11 Summary of relative pronouns as subjects, objects, and objects of prepositions relative pronouns as subjects relative pronouns as objects relative pronouns as objects of prepositions who (people) which (things) that (things) do not omit who(m) people which (things) that (things) can be omitted prep + whom/which who(m)…prep which…prep that…prep can be omitted but do not omit prep

12 Levels of formality more formal for subjects who, which for objects whom for objects of prepositions prep + whom/which less formal for subjects that for objects who that omission of pronoun for objects of prepositions who that omission of pronoun

13 Try it yourself! Complete the following sentences with relative clauses: We live in a society that A hero is a person who A dictionary is a book that

14 Model sentences In the model sentences section of your notebook, write three model sentences to help you practice relative clauses : a sentence in which the relative pronoun is the subject of the relative clause a sentence in which the relative pronoun is the object of the relative clause a sentence in which the relative pronoun is the object of a preposition in the relative clause Write more than one possible formation for each sentence. Your relative clauses can modify the subject, object, or object of a preposition in the main clause.

15 Relative clauses with whose The relative pronoun whose shows possession. I know the pharmacist. His wife works for Raytheon. I know the pharmacist whose wife works for Raytheon. This relative clause modifies the object of the sentence. Whose cannot be omitted.

16 Try it yourself! Do Exercise 2, p. 129 Grammar Troublespots.

17 Essential and nonessential relative clauses An essential relative clause limits the meaning of the noun it modifies. It identifies or defines that noun in some way. The man who is standing over there is a famous actor. Which man? The man who is standing over there.

18 Restrictive and non-restrictive relative clauses A non-essential relative clause gives additional or extra information that is not needed to identify the noun. Mr. Stevens, who is standing over there, is the mayor of our town.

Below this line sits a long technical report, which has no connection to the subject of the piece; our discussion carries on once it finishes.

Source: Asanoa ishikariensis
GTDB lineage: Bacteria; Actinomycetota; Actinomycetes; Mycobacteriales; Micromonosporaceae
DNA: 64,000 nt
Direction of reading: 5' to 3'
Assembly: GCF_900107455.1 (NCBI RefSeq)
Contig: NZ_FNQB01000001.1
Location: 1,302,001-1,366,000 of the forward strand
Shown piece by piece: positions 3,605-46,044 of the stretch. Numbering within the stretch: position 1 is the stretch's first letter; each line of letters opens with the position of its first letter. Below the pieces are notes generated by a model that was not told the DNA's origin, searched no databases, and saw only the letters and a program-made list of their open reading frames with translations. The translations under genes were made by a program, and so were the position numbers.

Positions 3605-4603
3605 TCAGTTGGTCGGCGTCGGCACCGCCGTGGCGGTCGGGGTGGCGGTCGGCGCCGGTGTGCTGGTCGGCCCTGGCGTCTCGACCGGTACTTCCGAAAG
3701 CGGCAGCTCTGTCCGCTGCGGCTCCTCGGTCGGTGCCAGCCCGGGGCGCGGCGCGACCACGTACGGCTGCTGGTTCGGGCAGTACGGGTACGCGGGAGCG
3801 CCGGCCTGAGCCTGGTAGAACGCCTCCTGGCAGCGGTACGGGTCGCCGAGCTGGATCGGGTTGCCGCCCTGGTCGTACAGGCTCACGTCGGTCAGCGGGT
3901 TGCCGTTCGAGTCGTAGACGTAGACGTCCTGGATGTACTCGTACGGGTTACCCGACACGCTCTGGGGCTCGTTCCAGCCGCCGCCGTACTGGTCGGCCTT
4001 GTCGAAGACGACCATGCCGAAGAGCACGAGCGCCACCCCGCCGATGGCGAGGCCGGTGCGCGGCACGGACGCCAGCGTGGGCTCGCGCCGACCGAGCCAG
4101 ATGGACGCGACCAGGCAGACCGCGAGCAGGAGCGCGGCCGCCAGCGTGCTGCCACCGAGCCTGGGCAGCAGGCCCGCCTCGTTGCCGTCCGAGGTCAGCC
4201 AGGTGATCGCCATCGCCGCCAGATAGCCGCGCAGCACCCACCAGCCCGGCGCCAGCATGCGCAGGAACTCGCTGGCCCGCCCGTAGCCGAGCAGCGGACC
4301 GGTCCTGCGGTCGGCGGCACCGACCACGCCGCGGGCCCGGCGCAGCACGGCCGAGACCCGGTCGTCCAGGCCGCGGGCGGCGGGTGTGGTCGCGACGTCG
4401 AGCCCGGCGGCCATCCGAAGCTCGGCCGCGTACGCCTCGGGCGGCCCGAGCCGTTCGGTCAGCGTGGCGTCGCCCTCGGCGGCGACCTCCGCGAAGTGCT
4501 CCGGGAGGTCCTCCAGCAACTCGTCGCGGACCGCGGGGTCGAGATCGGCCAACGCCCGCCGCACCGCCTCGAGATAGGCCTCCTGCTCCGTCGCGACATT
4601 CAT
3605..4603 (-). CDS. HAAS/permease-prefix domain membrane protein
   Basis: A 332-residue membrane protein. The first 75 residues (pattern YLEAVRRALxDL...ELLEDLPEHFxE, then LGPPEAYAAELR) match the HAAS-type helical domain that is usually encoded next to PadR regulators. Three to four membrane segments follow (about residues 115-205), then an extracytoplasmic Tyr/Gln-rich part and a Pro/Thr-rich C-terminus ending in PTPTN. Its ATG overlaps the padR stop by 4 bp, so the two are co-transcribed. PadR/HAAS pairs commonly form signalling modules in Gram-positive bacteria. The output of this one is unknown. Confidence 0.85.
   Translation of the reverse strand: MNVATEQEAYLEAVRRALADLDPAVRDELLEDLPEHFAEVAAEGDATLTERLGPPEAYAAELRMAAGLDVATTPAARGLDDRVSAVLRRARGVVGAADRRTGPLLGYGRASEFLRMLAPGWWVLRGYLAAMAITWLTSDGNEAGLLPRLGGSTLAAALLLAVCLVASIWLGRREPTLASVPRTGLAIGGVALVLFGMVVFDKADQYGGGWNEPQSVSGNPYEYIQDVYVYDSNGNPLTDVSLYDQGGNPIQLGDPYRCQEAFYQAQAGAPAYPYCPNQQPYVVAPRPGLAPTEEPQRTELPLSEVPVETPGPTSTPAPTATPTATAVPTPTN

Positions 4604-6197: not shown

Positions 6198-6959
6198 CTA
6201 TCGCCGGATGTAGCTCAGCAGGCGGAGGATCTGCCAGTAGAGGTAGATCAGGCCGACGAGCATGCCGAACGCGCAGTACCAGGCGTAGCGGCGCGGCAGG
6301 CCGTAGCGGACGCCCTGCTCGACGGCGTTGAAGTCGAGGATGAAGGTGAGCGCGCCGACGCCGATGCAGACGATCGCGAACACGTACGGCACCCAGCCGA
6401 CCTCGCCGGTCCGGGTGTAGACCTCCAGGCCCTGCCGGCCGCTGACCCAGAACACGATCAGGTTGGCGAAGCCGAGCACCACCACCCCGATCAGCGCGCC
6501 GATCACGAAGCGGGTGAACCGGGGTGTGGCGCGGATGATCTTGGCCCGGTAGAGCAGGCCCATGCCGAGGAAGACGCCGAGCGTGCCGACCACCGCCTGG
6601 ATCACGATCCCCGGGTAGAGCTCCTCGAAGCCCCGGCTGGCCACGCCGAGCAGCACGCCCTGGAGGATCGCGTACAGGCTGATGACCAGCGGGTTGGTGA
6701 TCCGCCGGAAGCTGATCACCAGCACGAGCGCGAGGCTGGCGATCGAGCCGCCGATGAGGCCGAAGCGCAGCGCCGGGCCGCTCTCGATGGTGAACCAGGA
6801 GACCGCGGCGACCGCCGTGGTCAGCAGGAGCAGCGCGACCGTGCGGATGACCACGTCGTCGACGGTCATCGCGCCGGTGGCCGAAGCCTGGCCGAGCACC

19 Restrictive and nonrestrictive relative clauses – pronoun use Do not use the pronoun that in a non- essential relative clause. Use who or which instead. X Mars, that is the fourth planet from the sun, is smaller than Earth. Mars, which is the fourth planet from the sun, is smaller than Earth.

20 Restrictive and nonrestrictive relative clauses – comma use. Use commas to isolate non-essential relative clauses. Do not use commas with essential relative clause. Mars, which is the fourth planet from the sun, is smaller than earth. The planet that has the largest rings is Saturn.

21 Model sentences Write two model sentences of your own: a sentence with an essential relative clause a sentence with a non-essential relative clause. Use the correct pronoun Use commas appropriately

22 Try it yourself! Do ex. 1, p. 128, Grammar Troublespots.

23 Beyond the basics – clauses of time, place & reason When, where, and why can introduce relative clauses after nouns referring to time, place, and reason, as in these examples: They are used in the same way as preposition + which. Do you see a bench where (on which) we can sit down? July 4, 1776 is the day when (on which) the Declaration of Independence was signed. Do you know the reason why (for which) I joined the team?

24 Beyond the basics – modifying a clause Relative clauses beginning with which can modify a clause, not just a noun. Use commas. He always comes late, which really annoys me.

25 Beyond the basics – expressions of quantity Relative clauses may contain an expression of quantity with of (e.g. some of, many of). Use whom, which, and whose in with expressions of quantity. Use commas. The article contained a number of errors, most of which the editor was able to catch. He has three brothers, none of whom have been as successful as he has. We discussed the candidate, one of whose strengths was his experience working with computers.